This HOWTO assumes basic linux knowledge as well as knowledge of your distro’s package management system.
- Install SBCL from your distro’s repo or download binary build from SBCL website
- Install Emacs – I recommend Emacs-22 or 23. Again, for fast install, I recommend going with your distro packages – if you need/want specially patched version, you probably don’t need my hand-holding
- Install clbuild
cd clbuild; ./clbuild checkand install any remaining dependencies.
- Depending on your distro SBCL packages, install local build of SBCL through
./clbuild compile-implementation sbcl. It will be used by clbuild after that and saved in
- Install SLIME:
./clbuild install slime
and configure it by adding result of
./clbuild slime-configurationto your emacs config. I recommend switching slime-autodoc to t
- Test it by running emacs and invoking
- Now go over to Cliki and maybe entertain yourself to Practical Common Lisp
Before, I used the site-gentoo.el file, which loaded all of them at startup time. However, that results in a pretty much bloated piece of software.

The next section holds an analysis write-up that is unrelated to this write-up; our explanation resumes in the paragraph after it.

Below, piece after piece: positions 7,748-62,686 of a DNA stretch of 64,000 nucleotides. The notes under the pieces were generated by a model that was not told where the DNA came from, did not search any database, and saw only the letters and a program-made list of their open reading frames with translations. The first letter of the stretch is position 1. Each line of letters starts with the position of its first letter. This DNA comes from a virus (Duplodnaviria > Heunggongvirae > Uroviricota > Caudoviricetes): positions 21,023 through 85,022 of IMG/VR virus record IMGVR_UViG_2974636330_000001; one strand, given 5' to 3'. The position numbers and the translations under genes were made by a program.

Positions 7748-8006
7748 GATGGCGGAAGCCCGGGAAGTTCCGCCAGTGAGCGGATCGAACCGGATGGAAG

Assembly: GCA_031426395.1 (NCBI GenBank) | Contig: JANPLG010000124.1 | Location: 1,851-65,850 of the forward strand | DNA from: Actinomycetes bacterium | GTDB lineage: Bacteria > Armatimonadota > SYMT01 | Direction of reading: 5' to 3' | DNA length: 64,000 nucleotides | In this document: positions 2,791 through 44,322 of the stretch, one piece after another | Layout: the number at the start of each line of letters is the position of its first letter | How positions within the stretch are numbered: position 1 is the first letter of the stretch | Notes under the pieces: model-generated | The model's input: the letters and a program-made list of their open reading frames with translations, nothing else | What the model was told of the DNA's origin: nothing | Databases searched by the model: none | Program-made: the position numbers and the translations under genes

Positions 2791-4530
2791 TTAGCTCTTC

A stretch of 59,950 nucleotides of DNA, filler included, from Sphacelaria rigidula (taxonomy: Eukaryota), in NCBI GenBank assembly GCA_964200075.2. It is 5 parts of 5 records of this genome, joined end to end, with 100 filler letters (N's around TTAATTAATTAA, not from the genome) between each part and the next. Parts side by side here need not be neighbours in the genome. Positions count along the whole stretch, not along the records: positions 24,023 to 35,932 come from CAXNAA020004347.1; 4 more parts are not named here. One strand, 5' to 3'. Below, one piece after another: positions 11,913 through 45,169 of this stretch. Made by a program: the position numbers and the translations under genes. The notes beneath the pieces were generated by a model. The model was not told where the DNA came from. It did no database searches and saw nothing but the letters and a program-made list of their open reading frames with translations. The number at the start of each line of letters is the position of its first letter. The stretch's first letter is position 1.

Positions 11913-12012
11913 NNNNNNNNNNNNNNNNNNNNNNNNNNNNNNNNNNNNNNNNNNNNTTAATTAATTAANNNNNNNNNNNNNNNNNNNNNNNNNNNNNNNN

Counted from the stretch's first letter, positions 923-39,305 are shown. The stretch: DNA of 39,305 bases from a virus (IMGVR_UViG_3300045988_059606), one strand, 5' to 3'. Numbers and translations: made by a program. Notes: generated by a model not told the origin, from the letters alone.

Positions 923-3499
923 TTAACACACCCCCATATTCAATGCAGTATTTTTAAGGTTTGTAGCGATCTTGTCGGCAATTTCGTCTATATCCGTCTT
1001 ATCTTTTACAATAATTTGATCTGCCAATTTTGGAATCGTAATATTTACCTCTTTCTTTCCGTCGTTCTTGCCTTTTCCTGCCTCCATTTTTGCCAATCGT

So today, I decided to try my luck with Emacs Lisp. The result is site-load-manager.el. It’s a simple script that, given a config file, will create a byte-compiled equivalent of Gentoo’s site-gentoo.el that include only those packages whose names include strings defined in the config file. To speed-up things a little, instead of referencing the scripts in site-lisp directory, it includes them directly
The archive contains script, simple shell script to execute it and example config file. I think that it should be pretty easy to understand, although config file mechanism isn’t very good :-)
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I have been a little quiet lately. This is due to me trying to get Aegisub to work under Linux.
Unfortunately, both libASA and Aegisub proved to have wacky configure scripts. In case of libasa, there’s probably little work regarding NLS. In case of Aegisub…. I think a complete rewrite is the best thing. Preferably without using Autotools. (a.k.a. WTF-IS-THAT-DIRECTORY-STRUCTURE!?)
During that, I had to recompile a big amount of code, thanks to libasa requesting libexpat >=2.0.0 (which after that proved to be fake – it’s required by fontconfig which libasa uses. And which was already installed and working in valid version with the old libexpat -_-“).
Another thing is that I started to translate Sola from Japanese/English to Polish (THX to sola redist. package from Doremi – Thank you guys!). However you could say that this project is mainly to gather know-how and experience in fansubbing — don’t expect me making quick releases…. :>